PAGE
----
Summer ax throwing in Sioux City can be a relaxing indoor activity | Siouxland life
SIOUX CITY — Ax or hatchet throwing is a unique sport that has continued to develop since the early 2000s.
It is well known as a way to relieve stress, venting anger by throwing a sharp object.
In Sioux City, there are two different places to throw axes, offering similar experiences: Woody’s Ax Throwing, 1227 Fourth St. and Ax to Grind, 2101 Hamilton Blvd.
Ax to Grind opened in 2019 as an urban ax throwing venue open to people of all ages. Ashley Mondor, store manager, has been with the company since it opened.
She knew someone who was a professional ax thrower and told him about the job. Mondor was a para-educator and needed a break. She wanted a quick, easy-going job.
Mondor said the place immediately felt like home.
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“We have people in their 80s or 90s who come to throw and we have kids who love to come to throw,” she said.
People throw the ax for various reasons. Whether it’s a fun night out with friends or family, a hobby or a way to relieve stress, Mondor says it’s an activity anyone can learn.
“You walk through those doors, and you know you’re safe and you can relax,” she said. “We try to make it fun, we do it so you always have someone to talk to.”
The story has a variety of regulars and newbies each week, but Mondor said a lot of new people are becoming regulars. She said if someone throws once, the majority of the time they get hooked.
Some of the urban ax throwing places are in bars. Ax to Grind offers around 70 different kinds of canned beer as well as sodas and tea. She said people can feel like they’re in a bar, yet still be in a family-oriented place.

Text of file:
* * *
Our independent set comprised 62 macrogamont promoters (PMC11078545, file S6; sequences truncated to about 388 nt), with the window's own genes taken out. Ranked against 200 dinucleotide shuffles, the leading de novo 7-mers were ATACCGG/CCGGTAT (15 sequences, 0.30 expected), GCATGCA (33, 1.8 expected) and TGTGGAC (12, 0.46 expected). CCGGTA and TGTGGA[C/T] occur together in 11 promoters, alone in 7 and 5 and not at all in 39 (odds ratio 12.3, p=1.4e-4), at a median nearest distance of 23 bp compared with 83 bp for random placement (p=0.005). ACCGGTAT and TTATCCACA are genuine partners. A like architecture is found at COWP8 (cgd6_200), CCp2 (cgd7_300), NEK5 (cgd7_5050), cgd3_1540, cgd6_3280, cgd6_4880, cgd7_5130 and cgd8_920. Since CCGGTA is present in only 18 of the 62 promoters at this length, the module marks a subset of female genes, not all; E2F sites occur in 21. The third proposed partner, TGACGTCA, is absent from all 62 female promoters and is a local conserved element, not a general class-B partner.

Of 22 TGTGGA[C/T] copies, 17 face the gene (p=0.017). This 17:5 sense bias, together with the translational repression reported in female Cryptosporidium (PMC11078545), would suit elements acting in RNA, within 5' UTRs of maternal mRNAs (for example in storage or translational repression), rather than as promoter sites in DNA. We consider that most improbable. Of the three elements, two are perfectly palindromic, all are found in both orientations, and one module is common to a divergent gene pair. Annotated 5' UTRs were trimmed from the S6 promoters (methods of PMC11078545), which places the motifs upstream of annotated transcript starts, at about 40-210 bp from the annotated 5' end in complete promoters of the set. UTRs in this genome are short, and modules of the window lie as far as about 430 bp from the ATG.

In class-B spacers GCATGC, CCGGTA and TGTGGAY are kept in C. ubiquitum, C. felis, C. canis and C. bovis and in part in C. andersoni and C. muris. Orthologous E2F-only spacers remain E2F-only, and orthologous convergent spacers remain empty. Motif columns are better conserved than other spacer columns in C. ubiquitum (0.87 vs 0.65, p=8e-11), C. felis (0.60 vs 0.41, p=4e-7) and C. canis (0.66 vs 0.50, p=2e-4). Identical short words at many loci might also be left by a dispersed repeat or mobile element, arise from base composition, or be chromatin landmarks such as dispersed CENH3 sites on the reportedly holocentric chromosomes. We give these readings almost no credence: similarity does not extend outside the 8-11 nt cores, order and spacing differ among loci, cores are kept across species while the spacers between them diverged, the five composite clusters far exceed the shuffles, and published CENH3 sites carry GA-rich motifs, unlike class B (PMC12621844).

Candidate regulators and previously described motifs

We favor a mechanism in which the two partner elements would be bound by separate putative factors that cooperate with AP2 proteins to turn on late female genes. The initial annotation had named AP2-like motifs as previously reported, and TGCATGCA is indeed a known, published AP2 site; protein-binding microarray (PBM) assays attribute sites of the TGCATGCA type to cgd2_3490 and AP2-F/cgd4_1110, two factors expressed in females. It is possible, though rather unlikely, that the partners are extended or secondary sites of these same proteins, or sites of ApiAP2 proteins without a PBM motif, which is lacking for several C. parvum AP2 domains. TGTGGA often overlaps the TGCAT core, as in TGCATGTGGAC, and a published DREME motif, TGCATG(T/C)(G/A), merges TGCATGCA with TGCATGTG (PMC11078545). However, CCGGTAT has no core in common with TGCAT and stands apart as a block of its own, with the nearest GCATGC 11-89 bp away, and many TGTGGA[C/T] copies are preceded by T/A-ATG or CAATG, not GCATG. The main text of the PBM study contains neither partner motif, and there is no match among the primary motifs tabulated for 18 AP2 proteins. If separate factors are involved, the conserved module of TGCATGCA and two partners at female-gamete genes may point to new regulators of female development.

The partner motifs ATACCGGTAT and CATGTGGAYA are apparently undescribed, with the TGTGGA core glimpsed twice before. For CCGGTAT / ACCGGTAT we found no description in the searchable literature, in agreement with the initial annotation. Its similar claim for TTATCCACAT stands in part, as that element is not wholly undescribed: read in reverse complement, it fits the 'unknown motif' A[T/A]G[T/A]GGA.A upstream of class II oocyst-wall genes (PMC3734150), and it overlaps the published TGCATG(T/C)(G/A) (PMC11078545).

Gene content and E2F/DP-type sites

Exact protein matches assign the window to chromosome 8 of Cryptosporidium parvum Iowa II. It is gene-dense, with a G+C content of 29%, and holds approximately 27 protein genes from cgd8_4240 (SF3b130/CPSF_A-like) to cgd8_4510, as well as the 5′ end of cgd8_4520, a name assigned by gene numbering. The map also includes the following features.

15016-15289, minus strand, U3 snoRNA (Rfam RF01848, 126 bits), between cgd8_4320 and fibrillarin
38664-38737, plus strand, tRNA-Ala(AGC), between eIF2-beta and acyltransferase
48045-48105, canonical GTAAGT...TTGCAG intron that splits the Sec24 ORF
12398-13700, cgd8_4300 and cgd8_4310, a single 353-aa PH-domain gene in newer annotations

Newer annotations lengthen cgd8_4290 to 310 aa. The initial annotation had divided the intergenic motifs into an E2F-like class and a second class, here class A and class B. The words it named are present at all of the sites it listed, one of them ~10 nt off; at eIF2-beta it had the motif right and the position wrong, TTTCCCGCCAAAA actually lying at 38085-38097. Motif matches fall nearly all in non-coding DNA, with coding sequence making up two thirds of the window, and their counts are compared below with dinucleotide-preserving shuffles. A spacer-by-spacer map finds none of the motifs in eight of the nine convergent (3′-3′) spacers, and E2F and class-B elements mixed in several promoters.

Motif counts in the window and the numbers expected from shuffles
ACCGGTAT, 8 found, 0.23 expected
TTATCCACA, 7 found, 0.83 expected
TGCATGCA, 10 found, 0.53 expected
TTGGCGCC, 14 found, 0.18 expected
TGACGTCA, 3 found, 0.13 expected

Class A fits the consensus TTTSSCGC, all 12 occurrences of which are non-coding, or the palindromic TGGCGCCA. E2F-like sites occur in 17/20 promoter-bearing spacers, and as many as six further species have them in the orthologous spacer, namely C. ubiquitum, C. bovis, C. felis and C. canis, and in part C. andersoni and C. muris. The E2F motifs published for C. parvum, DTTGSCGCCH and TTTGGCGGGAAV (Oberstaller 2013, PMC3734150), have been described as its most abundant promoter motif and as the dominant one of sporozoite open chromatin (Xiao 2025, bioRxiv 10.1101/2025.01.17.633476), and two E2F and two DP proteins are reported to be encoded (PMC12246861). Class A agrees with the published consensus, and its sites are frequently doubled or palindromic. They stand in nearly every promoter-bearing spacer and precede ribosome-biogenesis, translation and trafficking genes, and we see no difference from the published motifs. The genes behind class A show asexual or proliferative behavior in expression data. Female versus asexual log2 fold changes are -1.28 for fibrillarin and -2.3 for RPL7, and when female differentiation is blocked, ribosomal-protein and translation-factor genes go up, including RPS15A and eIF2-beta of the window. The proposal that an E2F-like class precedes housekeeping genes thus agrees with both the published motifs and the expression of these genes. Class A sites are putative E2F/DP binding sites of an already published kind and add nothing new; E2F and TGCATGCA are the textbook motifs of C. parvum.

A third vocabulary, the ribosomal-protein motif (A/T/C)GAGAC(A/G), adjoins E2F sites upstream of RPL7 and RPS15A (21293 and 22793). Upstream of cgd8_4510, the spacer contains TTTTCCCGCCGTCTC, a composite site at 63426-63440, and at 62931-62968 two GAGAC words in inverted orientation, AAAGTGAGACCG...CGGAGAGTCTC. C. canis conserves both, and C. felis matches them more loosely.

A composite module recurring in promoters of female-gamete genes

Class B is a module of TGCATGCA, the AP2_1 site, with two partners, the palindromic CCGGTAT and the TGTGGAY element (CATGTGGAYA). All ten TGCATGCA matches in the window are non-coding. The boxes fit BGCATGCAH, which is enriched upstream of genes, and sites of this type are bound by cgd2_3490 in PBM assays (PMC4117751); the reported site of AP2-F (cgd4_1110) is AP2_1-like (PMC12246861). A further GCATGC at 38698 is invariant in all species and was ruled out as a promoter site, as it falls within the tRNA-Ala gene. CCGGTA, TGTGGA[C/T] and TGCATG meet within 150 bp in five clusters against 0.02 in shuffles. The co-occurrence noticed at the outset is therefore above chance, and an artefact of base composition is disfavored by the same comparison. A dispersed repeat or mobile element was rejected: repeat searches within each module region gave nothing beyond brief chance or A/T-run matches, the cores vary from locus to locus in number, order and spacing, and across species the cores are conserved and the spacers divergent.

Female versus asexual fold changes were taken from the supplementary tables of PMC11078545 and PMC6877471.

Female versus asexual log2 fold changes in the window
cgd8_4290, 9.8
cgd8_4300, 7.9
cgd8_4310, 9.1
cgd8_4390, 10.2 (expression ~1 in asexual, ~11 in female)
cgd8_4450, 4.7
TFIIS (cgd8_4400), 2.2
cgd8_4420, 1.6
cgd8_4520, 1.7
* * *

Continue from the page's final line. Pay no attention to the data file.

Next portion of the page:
Throwing the ax for the first time can be intimidating for people, she said. When someone walks in, she says they are immediately welcomed and after signing a few forms, they go through a security briefing. The briefing teaches newcomers the safety rules as well as a few different ways to cast.
Mondor said there are three main ways to throw an axe. The first way is with both hands called the batter’s grip. The pitcher places their dominant hand on the bottom of the grip and the non-dominant hand on top.
The second throw is one-handed. Mondor recommends throwers put their little finger on the bottom of the axe. She also said to avoid throwing it like swinging a baseball and swinging on the body.
“You have to make sure you stay nice and straight,” she said.
The third way to throw is called the pistol grip. The pitcher places their dominant hand on the bottom, aligns both thumbs and squeezes together.
For beginners, she recommends throwing with two hands. To start, she said they order people to stick their guts out by bringing their arms behind their heads. As they prepare to throw, they have to lean forward and stick their butts out, she said.
Mondor does not encourage trick throwing as it can be dangerous.
Ax to Grind also offers mobile ax throwing and will be available to attend events and provide ax throwing opportunities. Mondor said it’s often an easier way for people to engage with the activity and less intimidating than going there.
There is a target on the wooden planks consisting of four rings and a bullseye in the center, while the two points in the outer ring are high risk and known as the kill shots. The traditional game of ax throwing involves 10 throws, followed by a tiebreaker. The person with the most points wins.
There are also a variety of other games people can play when throwing an axe. The sport has its versions of Yahtzee and Cricket, as well as other games like Landmines, Odd Man Out, Called Shots, Tug of War, and Cornhole Ax Style. Instructions can be provided for these games.
Ax throwing began to become popular in North America in the early 2000s. Backyard Ax Throwing League claims to be the first in the world to provide an urban venue for indoor ax throwing in 2006 and is a founding member of the International Ax Throwing Federation.
Throwing axes date back to prehistoric times as a weapon. There is no specific date or time when ax throwing became a recreational activity, but legend has it that the first ax throwing competitions were held between Celtic tribes or early settlers. ‘North America. Modern sport ax throwing is said to have started in Europe around 2001.